Last Updated Aug 22, 2008 4:53 PM EDT
He recommends a four-pronged attack on the OrgMan:
1) Assess how likely it is that forecasts for talent needs will be wrong, and what the consequences might be.
2) Look honestly at both the "make" (develop internally) and "buy" (hire from outside) approaches, and ideally figure out how to mix them.
3) Develop ways to lower the risk and cost of developing internal talent.
4) Develop new ways to match people with opportunities.
He goes into detail on how companies can break with old ways of doing things, applying supply-chain concepts like "mismatch costs," which look at undersupply (can't find someone with the right skills) and oversupply (too much of the right skill), and the "bullwhip problem," when demand spikes sharply for a brief period and then slumps. He looks at how using techniques like portfolios and demand simulations can help reduce the risk of hiring the wrong people, or devoting too much (or too little) resources to training, only to see those people go to other companies.
Most of his ideas are framed intuitively -- I am not a human resources professional, and I get where he's going. A strength of the book is the number of examples he uses from real companies on how to apply these techniques. These help make his discussion of supply-chain talent management come to life. Interestingly, he cites not General Electric or Procter & Gamble as the world's best (though they do get praise), but Indian firms such as HCL, Infosys, Tata and Wi-Pro as being perhaps the world's most sophisticated managers of talent.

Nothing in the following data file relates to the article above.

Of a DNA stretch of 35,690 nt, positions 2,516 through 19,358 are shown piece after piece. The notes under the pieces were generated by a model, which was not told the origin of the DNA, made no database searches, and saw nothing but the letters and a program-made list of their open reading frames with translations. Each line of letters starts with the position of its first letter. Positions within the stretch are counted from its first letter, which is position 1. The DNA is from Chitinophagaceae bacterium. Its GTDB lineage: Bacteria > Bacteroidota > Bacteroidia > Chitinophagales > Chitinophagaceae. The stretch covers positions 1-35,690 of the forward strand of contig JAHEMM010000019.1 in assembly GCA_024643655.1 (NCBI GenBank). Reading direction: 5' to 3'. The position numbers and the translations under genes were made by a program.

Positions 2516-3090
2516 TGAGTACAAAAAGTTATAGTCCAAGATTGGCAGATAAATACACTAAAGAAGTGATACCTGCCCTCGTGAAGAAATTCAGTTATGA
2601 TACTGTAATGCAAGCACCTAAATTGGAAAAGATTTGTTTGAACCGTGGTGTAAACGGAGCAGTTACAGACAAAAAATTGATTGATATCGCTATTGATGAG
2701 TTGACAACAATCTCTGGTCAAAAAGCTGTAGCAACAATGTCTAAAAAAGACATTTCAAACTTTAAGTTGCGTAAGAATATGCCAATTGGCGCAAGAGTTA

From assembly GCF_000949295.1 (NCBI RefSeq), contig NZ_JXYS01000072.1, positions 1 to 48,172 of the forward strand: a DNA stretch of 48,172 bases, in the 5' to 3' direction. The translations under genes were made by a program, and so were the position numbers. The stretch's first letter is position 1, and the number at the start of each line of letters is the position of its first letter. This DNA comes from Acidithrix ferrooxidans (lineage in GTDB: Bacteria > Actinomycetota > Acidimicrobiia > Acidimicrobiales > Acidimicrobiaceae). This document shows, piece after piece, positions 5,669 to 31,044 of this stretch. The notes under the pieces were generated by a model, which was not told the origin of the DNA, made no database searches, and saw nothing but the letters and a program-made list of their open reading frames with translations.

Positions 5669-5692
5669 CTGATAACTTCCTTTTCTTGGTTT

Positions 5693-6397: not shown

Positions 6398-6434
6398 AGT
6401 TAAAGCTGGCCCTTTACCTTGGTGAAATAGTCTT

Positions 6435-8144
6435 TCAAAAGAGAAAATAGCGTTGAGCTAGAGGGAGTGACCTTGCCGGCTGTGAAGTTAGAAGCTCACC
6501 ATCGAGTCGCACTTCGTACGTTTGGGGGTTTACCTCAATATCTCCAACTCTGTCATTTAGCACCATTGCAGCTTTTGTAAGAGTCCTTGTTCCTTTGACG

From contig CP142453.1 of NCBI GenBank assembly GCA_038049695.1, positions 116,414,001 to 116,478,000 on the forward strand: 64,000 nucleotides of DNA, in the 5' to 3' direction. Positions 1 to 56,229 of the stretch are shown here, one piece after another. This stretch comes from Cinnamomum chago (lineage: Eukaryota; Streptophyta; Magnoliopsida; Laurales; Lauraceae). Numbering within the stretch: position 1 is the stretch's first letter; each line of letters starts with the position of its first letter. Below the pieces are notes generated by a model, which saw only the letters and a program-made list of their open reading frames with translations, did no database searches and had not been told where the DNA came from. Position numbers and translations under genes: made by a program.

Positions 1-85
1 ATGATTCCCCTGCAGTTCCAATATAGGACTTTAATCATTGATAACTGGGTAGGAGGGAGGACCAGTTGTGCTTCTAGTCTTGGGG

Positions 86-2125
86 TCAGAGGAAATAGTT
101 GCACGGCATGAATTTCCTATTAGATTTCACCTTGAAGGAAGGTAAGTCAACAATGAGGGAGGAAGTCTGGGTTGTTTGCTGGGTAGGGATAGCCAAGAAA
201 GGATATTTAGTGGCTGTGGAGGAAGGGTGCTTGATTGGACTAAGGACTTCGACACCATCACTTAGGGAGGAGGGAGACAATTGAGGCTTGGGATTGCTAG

All in all, the second part of the book is really geared towards helping human resources departments guide top management into better decisions about training and hiring people. The Talent Demand model he develops seems to make sense. I did find myself arching my eyebrow at the notion that the way to kill the OrgMan mentality in talent management is to centralize the function, but he's probably right.
Big Think Breakdown: A thought-provoking effort to create a new model for hiring and developing people. One can only hope its ideas will escape the HR department, and help more companies reduce employee frustration through better training and hiring.